Greenwich’s Conservatives have promised to press for a Docklands Light Railway link to Kidbrooke and Eltham using the Silvertown Tunnel as part of their manifesto for next week’s council elections.
The Tories are also pledging to push for new links across the Thames at Charlton and Thamesmead, cleaner streets, more neighbourhood planning and a debate on the way the borough is run.
Labour has been in charge at Woolwich Town Hall since 1971 and the Tories, who currently have nine councillors, concede that they are unlikely to win.
“Instead, we are focused on the important role we play as the only opposition to Labour locally,” they say in their manifesto, which was published at the weekend.
With widespread anger at the lockdown-breaking parties in Downing Street, and Boris Johnson’s refusal to leave No 10, the Tories will be hoping the local focus helps them hold on to their strongholds in the south of the borough.
The Tories have eight councillors in wards covering Eltham and Mottingham, and just one in the north of the borough – Geoff Brighty in Blackheath Westcombe.
Next Thursday’s elections will be fought on new boundaries that mean there will be one fewer councillor in the south of the borough, but the Tories will also be looking to test their strength in Greenwich Peninsula and Woolwich Arsenal, where thousands of new residents have settled in recent years.
One of their main pledges is to repackage an old Labour idea – using the Silvertown Tunnel route to extend the Docklands Light Railway to Kidbrooke and Eltham, using the route of the A102 and A2.
Greenwich Council commissioned a feasibility study into the proposals more than a decade ago, with consultants recommending a route which would be partly on stilts above the Blackwall Tunnel Southern Approach. However, the idea was quietly dropped without explanation.
The Tories pushed for the DLR to run alongside the Silvertown Tunnel in 2015, although without success.
But the party revived the idea last year when Greenwich Council finally debated the tunnel for the first time, only to run into a bizarre row over which party thought of the DLR idea first.
With a route from Canning Town to Eltham costing at least £623 million at 2012 prices, Eltham not being a major development area, and Transport for London still facing a financial crisis following the collapse of the business model imposed on it when Johnson was mayor, the project is unlikely to happen.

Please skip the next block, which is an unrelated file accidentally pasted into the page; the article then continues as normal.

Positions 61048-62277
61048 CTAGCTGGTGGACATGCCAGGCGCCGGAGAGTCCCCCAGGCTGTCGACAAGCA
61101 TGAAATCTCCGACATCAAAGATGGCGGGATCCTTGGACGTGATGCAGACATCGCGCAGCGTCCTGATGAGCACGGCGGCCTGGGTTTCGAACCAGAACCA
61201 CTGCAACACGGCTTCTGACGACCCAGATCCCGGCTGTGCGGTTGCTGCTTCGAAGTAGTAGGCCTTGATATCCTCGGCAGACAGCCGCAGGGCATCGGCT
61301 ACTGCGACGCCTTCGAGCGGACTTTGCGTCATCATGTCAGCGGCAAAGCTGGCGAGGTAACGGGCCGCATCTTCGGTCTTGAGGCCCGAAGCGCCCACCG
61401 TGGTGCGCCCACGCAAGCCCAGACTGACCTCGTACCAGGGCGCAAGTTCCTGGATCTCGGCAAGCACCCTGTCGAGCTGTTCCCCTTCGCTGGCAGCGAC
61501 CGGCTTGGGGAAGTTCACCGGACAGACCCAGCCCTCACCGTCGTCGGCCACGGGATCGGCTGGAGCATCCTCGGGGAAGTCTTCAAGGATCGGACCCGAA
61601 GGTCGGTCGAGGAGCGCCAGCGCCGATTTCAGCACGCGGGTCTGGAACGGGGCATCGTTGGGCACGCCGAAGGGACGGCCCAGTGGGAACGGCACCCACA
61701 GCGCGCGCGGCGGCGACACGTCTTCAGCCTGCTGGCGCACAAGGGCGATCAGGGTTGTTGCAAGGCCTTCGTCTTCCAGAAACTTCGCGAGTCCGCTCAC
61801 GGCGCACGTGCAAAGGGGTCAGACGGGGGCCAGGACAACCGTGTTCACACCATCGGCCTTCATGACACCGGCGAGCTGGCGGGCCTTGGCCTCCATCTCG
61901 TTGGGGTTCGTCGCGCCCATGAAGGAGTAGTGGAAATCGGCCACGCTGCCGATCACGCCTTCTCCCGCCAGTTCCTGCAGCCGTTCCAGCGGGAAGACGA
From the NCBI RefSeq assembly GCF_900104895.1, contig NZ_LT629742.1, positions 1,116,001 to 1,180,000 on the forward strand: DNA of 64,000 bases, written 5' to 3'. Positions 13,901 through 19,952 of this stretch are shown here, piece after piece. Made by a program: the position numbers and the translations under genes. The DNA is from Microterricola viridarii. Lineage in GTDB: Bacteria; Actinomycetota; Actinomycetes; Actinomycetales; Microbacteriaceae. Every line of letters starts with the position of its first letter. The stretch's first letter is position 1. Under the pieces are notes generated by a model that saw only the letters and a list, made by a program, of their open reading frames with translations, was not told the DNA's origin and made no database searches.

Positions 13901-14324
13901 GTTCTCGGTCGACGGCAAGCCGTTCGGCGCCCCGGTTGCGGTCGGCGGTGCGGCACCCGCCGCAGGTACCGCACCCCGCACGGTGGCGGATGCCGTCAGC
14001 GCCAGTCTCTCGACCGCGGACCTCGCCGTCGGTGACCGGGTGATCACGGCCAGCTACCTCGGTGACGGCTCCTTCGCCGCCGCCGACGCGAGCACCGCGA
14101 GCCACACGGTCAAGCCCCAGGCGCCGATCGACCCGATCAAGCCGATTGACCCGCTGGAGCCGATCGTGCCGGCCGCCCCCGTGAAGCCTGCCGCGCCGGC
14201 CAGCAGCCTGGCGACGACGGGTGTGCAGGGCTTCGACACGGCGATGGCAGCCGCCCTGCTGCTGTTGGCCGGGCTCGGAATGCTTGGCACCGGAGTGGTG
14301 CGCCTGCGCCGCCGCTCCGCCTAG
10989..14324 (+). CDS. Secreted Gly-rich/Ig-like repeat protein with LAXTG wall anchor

But the call does shine a light on how over 6,000 new homes have been approved in Kidbrooke without significant improvements to local transport – an issue rarely acknowledged at the town hall but something councillors of both parties are uncomfortable with.
More realistically, the Tories are also lending their support to a crossing at Thamesmead, where TfL hopes to build a DLR extension, and at Charlton, where a team of architects are pushing for a pedestrian and cycle-focused Thames Barrier Bridge.
Other policies include scrapping the council’s fortnightly Greenwich Info newssheet, and calling for “the reversal of Labour’s cuts to street cleaning and pavement washing, and call for investment to make streets more attractive for residents and pedestrians”.
The Tories also want to push for more neighbourhood plans – community-led schemes where local people can have an input into planning policy. So far three neighbourhood forums have been set up in the borough but no plans have been approved.
The way the council is run is also in the spotlight, with the Tories calling for a debate on returning to the committee system that governed councils until two decades ago.
At present, Greenwich is run by a leader who then selects a cabinet of councillors, who make most of the council’s decisions, leaving most backbenchers relatively powerless.
Some councils, such as Kingston and Sutton, have returned to having cross-party committees making those decisions – and the Tories want the issue to be considered.
While a good result for the Tories will be hanging on to most of their seats, one councillor at risk of losing his place on the council decided to have some fun with his own online quiz.
Questions set by Spencer Drury, fighting for a place in Eltham Park & Progress, include asking which Eltham landmark was removed from a list of sites for redevelopment after Tory pressure, how many Labour councillors have been convicted of fraud, and whether council leader Danny Thorpe wanted a statue of himself in Woolwich.
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